Orchard owner cultivates education

CorrespondentSeptember 19, 2009 

  • Bullard's other interests include identification of birds, reptiles and amphibians (he is probably one of the few people who can identify the call of all of North Carolina's toads and frogs).

    He appears to have a photographic mind and can even recite decades of baseball statistics. "He is a true Renaissance man," Hooker says.

    Bullard has degrees in sociology and chemistry and a dental school degree from UNC-Chapel Hill. He practiced dentistry in Mount Olive for 28 years, retiring in 1992.

Among A.J. Bullard's earliest memories is playing with his sister and other children among the apple, pear and Chinese chestnut trees on the Sampson County farm where he grew up. Today, he gathers fruit and nuts from pecan, persimmon, mayhaw, Japanese raisin, Chinese date and scores of other trees in his own orchard in Wayne County.

The orchard south of Mount Olive has about 40 species of fruit and nut trees and at least 150 varieties of fruits, nuts and grapes. It attracts horticulture students from N.C. State University and will be a tour stop for the Garden Writers Association, which is meeting in Raleigh this month.

Bullard, who is 70, credits an uncle for instilling his childhood interests in plants and gardening. The retired dentist has no formal horticulture training but maintains an almost fanatic passion for trees, shrubs and vines that produce edible nuts and fruits. He learns from lectures at the N.C. Botanical Garden and talks with professors at N.C. State and UNC-Chapel Hill. Each summer he takes field trips with the Cullowhee Native Plants Conference, and he's a member of the N.C. Native Plant Society.

Now the self-taught horticulturist teaches others. In 1998, he worked with the Environmental Protection Agency's Neuse River Project to teach the field crews about the native plants along the Neuse River. He also teaches fruit-tree grafting to agriculture extension agents in Wayne and Sampson counties.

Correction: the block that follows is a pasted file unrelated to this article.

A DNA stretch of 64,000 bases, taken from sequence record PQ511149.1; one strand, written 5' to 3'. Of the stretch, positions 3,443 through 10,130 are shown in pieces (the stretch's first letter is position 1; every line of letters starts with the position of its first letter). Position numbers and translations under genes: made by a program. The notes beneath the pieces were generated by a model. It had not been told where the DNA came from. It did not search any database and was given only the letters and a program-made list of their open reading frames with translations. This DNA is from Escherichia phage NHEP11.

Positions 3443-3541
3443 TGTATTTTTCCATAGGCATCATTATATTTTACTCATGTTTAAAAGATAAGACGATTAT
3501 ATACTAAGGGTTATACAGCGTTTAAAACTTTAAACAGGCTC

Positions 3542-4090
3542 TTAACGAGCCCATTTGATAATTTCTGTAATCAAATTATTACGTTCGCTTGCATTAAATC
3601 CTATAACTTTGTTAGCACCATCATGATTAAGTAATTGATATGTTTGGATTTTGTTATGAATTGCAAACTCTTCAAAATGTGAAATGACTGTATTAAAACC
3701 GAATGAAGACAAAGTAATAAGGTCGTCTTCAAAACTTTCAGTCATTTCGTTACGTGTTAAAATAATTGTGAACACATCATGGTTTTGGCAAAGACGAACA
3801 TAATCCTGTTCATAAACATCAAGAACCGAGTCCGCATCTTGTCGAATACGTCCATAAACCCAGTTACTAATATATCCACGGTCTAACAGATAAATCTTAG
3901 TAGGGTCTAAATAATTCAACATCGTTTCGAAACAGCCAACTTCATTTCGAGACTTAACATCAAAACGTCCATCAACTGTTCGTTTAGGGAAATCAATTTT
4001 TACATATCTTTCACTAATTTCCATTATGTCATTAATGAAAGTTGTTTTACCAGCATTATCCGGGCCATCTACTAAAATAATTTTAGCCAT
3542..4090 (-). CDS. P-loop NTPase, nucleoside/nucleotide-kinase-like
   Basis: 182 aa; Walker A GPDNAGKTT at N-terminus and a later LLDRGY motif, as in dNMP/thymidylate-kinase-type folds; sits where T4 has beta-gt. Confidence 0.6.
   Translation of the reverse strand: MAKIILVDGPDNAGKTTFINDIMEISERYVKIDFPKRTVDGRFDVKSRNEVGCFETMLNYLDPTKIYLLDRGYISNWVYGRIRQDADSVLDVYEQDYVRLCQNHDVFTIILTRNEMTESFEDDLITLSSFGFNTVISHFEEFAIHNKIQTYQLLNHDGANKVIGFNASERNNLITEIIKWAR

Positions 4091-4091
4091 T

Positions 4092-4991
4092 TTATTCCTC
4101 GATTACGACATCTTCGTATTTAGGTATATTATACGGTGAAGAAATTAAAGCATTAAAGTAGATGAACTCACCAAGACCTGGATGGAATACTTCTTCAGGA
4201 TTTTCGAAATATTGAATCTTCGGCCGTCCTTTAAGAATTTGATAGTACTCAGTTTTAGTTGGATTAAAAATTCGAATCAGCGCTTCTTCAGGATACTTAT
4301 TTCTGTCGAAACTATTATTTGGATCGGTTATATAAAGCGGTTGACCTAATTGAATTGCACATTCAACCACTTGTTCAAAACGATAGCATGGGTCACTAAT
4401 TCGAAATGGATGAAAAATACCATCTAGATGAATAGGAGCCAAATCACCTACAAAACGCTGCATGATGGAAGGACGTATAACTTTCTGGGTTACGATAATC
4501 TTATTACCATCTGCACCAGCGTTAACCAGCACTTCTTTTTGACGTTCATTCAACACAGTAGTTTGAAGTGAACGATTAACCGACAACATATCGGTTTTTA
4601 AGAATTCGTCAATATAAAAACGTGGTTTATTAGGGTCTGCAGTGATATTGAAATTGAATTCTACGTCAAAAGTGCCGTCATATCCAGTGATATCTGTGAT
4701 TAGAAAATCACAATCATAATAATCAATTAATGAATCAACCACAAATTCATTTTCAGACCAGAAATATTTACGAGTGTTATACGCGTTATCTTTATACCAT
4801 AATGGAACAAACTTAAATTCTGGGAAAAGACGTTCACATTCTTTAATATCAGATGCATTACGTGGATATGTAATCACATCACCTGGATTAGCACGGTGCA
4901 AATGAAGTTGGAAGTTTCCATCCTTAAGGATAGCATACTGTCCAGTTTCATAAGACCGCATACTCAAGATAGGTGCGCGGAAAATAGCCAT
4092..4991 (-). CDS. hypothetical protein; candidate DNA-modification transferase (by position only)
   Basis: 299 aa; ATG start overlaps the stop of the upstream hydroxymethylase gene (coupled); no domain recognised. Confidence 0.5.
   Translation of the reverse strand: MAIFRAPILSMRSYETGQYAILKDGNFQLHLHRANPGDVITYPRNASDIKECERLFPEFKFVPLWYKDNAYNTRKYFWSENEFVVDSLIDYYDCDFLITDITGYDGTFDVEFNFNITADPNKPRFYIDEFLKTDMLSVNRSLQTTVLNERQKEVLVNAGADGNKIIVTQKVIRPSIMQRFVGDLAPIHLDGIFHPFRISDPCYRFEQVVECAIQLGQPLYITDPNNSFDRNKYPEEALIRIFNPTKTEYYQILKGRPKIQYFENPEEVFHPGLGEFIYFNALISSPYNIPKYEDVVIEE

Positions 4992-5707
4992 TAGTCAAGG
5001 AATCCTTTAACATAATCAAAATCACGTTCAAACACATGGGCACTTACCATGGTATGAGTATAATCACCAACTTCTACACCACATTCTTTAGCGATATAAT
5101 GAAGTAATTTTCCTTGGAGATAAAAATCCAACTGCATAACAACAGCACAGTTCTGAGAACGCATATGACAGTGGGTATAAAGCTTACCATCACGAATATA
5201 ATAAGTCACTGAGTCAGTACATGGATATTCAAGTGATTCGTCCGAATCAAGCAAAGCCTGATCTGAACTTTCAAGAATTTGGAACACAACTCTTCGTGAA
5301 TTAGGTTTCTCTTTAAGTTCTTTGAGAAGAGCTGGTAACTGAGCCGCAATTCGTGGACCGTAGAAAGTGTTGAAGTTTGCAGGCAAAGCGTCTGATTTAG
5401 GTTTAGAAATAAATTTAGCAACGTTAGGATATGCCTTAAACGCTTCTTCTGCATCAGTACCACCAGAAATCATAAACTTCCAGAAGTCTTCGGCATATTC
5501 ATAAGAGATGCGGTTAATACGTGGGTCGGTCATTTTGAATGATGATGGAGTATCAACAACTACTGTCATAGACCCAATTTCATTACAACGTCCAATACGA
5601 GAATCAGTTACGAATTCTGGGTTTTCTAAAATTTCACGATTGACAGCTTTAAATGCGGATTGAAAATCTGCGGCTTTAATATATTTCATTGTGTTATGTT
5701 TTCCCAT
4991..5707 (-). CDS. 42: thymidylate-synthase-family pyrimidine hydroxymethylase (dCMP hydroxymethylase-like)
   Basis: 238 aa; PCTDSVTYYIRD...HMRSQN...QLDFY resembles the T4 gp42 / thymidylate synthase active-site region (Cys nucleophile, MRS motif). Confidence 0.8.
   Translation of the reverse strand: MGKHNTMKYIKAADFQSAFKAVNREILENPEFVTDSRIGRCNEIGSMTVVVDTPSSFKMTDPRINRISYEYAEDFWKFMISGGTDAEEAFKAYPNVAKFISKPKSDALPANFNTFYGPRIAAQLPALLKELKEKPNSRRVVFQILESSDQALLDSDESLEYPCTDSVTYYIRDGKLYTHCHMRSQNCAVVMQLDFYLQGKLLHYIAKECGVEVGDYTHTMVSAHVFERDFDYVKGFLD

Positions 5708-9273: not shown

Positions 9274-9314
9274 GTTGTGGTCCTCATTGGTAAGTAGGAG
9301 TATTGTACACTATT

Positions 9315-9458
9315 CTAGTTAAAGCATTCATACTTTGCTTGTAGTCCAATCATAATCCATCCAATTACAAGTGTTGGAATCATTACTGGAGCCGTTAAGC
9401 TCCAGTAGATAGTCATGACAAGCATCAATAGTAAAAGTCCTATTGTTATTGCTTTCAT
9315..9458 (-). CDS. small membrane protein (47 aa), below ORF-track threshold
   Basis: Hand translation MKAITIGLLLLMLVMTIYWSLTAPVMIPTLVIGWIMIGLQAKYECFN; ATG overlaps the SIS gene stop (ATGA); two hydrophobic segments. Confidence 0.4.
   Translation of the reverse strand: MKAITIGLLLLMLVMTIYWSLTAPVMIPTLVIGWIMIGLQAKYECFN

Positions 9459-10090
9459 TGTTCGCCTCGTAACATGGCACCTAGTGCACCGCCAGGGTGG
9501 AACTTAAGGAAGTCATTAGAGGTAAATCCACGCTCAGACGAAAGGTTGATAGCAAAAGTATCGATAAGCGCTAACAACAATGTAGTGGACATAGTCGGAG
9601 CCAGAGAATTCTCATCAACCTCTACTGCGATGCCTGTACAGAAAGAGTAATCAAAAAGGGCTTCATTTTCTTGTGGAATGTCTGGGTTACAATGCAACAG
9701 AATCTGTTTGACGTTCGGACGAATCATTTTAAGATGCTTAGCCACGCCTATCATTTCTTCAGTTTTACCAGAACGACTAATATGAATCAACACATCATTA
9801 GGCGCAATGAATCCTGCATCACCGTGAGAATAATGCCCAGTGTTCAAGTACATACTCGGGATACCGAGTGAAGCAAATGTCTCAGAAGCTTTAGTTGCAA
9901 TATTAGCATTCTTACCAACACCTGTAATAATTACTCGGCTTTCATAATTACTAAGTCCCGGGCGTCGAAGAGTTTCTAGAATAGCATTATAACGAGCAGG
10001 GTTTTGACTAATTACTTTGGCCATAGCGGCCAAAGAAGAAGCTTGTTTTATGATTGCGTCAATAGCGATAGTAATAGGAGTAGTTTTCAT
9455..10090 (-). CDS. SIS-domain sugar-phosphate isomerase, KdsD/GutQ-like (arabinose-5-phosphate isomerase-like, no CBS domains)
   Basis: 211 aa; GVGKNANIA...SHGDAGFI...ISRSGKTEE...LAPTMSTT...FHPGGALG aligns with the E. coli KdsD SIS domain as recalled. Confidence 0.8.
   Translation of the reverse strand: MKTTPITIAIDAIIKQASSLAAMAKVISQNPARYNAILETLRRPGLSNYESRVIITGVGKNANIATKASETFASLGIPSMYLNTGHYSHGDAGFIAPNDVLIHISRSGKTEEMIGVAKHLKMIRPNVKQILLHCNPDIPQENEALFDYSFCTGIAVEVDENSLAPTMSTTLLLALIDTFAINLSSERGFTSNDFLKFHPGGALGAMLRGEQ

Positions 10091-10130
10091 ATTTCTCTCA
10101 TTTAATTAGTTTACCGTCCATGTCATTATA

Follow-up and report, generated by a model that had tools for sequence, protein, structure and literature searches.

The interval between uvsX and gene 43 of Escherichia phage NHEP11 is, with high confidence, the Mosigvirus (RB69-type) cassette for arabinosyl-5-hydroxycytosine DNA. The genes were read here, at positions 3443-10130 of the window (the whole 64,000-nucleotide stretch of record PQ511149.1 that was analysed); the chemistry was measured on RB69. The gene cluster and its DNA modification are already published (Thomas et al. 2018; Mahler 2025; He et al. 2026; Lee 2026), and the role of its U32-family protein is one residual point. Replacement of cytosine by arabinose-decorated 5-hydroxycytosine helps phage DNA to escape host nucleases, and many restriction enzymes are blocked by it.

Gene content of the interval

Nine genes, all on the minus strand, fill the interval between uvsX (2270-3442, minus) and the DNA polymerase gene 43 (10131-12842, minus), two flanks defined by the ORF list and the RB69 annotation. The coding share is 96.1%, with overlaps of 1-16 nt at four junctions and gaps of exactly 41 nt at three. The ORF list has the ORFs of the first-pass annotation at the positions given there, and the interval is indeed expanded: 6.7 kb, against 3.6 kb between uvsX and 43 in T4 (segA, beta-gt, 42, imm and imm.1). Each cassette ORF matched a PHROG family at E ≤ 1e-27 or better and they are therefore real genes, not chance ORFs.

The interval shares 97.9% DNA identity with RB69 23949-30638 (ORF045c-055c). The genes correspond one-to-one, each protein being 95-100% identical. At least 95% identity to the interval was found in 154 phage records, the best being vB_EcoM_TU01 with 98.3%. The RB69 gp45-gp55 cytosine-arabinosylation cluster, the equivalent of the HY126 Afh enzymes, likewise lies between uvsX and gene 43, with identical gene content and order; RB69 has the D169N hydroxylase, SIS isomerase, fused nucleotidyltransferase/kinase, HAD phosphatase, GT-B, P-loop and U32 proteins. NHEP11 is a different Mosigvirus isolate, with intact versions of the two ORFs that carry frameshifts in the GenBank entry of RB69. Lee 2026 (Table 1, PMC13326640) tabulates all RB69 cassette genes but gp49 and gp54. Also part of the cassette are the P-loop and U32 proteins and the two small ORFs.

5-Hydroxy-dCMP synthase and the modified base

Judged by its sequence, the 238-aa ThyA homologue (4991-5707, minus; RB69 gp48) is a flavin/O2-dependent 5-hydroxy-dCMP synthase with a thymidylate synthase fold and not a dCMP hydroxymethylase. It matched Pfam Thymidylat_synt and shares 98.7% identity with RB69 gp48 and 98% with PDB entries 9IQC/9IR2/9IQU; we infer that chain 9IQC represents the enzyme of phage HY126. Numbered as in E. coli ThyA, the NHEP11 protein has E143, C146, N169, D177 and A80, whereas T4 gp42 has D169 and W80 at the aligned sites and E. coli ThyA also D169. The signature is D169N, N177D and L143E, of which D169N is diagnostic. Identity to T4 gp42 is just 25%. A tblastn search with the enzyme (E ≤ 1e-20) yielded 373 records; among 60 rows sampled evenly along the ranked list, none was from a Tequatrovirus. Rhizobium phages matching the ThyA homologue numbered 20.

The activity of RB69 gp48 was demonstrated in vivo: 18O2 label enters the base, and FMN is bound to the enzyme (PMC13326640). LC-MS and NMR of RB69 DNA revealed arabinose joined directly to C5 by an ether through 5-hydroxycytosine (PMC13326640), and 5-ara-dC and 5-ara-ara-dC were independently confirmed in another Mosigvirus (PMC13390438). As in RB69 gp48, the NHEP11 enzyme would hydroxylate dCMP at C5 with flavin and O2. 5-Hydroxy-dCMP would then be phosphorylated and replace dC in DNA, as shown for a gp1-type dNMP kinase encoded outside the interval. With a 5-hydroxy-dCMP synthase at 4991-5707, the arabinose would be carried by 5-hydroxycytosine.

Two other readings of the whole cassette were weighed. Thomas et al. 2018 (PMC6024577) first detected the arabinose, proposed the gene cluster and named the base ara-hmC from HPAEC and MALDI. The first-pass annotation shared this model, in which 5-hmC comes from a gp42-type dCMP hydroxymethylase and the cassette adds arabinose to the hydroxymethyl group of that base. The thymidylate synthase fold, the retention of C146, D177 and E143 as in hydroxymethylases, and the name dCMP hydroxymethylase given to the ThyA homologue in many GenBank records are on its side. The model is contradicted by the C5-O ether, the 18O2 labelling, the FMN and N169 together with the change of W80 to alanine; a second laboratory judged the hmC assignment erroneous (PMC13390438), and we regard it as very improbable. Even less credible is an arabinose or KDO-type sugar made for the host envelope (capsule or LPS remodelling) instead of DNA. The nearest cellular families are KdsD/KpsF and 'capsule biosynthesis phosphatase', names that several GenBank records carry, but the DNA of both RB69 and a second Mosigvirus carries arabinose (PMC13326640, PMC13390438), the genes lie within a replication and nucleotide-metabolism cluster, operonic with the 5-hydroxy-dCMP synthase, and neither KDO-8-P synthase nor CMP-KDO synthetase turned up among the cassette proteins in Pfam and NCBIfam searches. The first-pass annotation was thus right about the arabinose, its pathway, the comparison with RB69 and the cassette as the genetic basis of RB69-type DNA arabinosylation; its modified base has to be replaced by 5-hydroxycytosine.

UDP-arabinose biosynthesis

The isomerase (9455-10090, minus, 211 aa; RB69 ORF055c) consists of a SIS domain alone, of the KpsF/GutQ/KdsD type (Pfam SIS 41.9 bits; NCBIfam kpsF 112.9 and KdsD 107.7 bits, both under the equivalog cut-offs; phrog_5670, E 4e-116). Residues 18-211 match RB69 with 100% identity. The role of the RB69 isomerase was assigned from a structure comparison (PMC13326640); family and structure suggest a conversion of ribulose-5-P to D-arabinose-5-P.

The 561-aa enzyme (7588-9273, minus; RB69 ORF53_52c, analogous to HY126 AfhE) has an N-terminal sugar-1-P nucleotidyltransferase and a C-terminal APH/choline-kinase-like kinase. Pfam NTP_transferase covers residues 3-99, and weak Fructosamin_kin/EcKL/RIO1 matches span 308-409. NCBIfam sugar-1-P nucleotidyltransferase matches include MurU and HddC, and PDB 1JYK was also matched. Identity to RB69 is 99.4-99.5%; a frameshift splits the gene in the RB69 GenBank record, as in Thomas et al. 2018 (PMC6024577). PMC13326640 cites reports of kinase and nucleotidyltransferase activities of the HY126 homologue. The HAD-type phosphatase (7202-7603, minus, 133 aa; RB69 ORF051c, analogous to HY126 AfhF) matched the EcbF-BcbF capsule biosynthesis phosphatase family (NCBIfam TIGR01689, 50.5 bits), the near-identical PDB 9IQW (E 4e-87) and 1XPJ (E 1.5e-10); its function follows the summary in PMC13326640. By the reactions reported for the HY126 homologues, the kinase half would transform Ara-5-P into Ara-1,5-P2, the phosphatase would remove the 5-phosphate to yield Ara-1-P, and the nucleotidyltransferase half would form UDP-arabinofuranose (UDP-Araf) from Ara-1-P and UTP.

Bullard's farm sits on a slight knoll of sandy loam soil, and among its first plantings in 1967 were pecan trees. Over the years, his collection has grown considerably and includes American natives such as blueberry, serviceberry, persimmon and mayhaw (a type of edible hawthorn). Exotic fruit trees include Japanese raisin, Chinese date or jujube and Chinese che (a relative of mulberry).

He grows about a dozen kinds of pomegranate and many forms of fig, dessert pear, nectarine and apple. Nut trees include English and black walnuts, pecans and chinquapin. Until the 1980s, he also grew various citrus trees, but temperatures down to 5 below zero on two occasions killed most of them.

Grapes are another of Bullard's infatuations. He grows more varieties of grape than any other fruit, about 30 kinds of muscadine and scuppernong.

"I use most of the orchard fruit myself," Bullard says, "as I prefer to eat them fresh, squeeze them for juice, dry them or freeze for winter use." His favorite fruit dessert is a pie made of a mixture of sweet mulberries and tart cherries. Another treat is a ripened pawpaw that tastes like a creamy mixture of custard and banana. It's the largest edible tree fruit in North America, but it is extremely perishable and is rarely seen in commerce, except occasionally at a farmers market.

A joy of a teacher

Bullard's tree interests extend beyond the orchard. He grows Southeast Asia's tung tree, from which furniture oil is extracted, and the Chinese tallow tree, introduced to America by Benjamin Franklin. His rarest plant is the Florida torreya, a yewlike tree native to the Florida Panhandle. A current project is growing all the species of oak native to North Carolina -- he has 26. He also grows tropical vines.

Will Hooker, a professor in the NCSU horticulture department, frequently takes students to see Bullard's collection -- the largest collection of fruit and nut trees in North Carolina. "Many consider Bullard the foremost orchardist and one of the best botanists in the Carolinas," Hooker says. "It is a joy to learn from him on each visit."

On a walk around the orchard with Bullard, you will not go far before he plucks a weed and asks you to identify it. It's deer tongue, he says, and tobacco companies used it to impart a pleasant, vanilla aroma to their products.

Bullard regularly assists classes at Mount Olive College in plant identification and on field trips. He helps the agricultural extension service of Wayne and Sampson counties identify local weeds sent in by county residents from their crop fields or yards. He also writes a weekly column for the Mount Olive Messenger called "Botany with Bullard," covering wide-ranging topics.

Bullard gets great pleasure from hosting garden club members, college classes and the master gardeners who frequently call on him for guided tours of the orchard. If the fruit is ripe, they're liable to leave with some of it. And even if the fruit isn't ready, they'll leave with some knowledge imparted by this master orchardist.

Bobby Ward lives and gardens in Raleigh. He is completing a book on the life of horticulturist J.C. Raulston. Contact him at biblio@nc.rr.com.

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